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Ken Bereskin Talks About My Favorite Feature In Jaguar Th

October 15, '02 Comments [0] Posted in Musings
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Ken Bereskin talks about my favorite feature in Jaguar. The Archive Install always tickles me, since it saves a lot of time. Could Microsoft ever come close to something like this? Probably not, because user stuff is still half in the registry, half on the hard drive. Plus, Microsoft is still working on what they call "xcopy deployment," something that we call "dragging shit from a disk image to your Applications folder and having it just work." [Brian Jepson's Radio Weblog]

Fabulous...ROTFLMAO

About Scott

Scott Hanselman is a former professor, former Chief Architect in finance, now speaker, consultant, father, diabetic, and Microsoft employee. He is a failed stand-up comic, a cornrower, and a book author.

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October 14, '02 Comments [0] Posted in Web Services | XML
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Microsoft "regrets" Mac-to-PC ad. The software giant's "Confessions of a Mac to PC convert" was a short-lived conversion. The ad, which took a cue from Apple, is already dead. [CNET News.com]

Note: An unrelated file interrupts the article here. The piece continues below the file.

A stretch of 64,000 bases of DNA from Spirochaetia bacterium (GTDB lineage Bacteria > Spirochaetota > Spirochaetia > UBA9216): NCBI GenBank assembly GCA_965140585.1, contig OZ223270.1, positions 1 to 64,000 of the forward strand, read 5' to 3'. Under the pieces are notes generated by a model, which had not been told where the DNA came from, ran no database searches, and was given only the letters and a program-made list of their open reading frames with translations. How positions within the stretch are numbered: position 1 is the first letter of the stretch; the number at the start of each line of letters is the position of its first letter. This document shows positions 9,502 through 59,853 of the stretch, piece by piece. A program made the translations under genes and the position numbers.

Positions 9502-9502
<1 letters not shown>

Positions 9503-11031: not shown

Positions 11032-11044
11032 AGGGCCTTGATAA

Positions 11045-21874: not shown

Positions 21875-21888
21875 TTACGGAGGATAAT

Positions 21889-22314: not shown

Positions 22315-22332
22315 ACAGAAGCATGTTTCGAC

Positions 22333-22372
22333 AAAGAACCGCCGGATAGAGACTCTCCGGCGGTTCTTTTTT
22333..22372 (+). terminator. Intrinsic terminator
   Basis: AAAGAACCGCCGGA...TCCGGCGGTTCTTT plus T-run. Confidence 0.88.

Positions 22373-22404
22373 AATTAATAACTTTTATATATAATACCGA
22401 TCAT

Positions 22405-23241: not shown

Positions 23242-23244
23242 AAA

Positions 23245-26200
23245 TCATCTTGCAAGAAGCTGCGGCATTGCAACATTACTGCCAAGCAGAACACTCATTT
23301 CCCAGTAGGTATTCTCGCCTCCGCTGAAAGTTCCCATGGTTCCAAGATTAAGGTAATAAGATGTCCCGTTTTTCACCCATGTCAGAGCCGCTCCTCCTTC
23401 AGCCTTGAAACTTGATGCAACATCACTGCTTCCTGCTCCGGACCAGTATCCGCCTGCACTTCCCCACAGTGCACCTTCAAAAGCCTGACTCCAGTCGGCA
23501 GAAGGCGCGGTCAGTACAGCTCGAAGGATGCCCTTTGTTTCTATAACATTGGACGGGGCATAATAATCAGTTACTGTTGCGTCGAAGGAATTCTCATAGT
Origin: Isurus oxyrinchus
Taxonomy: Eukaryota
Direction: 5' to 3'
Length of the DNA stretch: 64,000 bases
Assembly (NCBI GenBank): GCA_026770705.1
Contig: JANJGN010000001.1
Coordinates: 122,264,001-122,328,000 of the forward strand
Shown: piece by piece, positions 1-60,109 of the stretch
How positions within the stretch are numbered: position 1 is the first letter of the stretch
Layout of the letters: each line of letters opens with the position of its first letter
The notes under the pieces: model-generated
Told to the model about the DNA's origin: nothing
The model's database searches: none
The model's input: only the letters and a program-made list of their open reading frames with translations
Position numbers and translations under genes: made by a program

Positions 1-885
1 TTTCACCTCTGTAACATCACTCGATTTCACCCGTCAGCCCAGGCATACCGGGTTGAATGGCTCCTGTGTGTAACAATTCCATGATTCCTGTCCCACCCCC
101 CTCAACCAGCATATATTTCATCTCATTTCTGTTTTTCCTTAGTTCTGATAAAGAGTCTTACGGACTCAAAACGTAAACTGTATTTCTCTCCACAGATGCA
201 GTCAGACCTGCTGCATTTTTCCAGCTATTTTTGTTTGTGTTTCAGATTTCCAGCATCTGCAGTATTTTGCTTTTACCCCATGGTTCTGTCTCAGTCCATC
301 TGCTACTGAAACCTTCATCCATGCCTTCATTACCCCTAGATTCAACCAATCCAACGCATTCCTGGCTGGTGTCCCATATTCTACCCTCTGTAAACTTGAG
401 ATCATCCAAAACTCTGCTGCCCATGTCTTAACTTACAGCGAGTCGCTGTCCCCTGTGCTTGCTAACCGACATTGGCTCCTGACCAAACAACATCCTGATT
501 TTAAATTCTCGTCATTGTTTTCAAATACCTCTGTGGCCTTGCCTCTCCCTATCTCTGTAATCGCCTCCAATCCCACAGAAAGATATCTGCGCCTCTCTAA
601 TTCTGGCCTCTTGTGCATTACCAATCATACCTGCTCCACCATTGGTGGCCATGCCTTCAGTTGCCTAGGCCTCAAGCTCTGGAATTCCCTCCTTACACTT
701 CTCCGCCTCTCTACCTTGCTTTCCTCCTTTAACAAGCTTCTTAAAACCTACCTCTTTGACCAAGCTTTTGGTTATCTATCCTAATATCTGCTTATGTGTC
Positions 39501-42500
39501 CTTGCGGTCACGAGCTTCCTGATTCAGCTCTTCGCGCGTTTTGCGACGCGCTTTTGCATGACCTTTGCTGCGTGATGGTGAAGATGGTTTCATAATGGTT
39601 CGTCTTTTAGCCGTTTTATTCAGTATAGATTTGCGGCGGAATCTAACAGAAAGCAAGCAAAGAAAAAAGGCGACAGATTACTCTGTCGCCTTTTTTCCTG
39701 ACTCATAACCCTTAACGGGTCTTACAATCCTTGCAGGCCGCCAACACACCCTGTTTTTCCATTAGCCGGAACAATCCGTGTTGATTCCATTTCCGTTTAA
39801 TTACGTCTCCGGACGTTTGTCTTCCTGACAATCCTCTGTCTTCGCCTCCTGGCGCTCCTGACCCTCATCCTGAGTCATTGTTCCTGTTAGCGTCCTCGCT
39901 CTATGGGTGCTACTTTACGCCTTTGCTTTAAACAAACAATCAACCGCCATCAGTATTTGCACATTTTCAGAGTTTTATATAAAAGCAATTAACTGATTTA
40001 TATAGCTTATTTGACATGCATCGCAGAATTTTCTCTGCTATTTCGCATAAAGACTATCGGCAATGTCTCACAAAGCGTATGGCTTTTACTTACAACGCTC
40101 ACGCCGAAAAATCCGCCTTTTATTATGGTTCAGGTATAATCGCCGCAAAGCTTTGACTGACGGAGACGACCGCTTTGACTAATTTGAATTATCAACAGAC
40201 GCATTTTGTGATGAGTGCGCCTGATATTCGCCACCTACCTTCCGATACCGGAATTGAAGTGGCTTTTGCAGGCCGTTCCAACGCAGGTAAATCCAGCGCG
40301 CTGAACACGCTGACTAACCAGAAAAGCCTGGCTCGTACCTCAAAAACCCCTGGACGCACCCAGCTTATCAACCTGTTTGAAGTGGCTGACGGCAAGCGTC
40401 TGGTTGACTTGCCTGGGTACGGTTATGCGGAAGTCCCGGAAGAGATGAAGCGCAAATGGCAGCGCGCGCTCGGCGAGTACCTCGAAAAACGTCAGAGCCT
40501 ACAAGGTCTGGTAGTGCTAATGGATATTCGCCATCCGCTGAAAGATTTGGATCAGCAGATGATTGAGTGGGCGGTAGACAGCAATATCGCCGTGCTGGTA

Microsoft pulls Ad after Web Flap.  An employee at a public relations company hired by Microsoft, Valerie G. Mallinson of Shoreline, Wash.,later acknowledged she was Microsoft's mysterious convert. [Yahoo! News]

THE DEVILS IN THE DETAILS

I tell ya...it's the little stuff like this that's going to kill us.  I was mentioning this on a conference call recently with some friends.  It's the DETAILS.  It's all about the thoughtful details...if you lose concentration or dedication for a moment, you'll be pounced upon.

The trick is remembering that these details extend from the tiniest of icons, to the most innocuous of device drivers, to the marketing literature.   With users, systems and the net all working as fast as Google, little details like sourcing highly visible ad campaigns from Stock Photography will never hold up.  The Internet is decreasing patience and attention-spans and increasing users' attention to details and cynicism. 

Microsoft is a fantastic company that I respect greatly, but when one is such a large target the bar is raised just that much higher.  They are highly visible and I hope they rise to the occasion at all levels, including externally facing marketing for an increasingly savvy audience.

GUIS AS AN AGENT OF CHANGE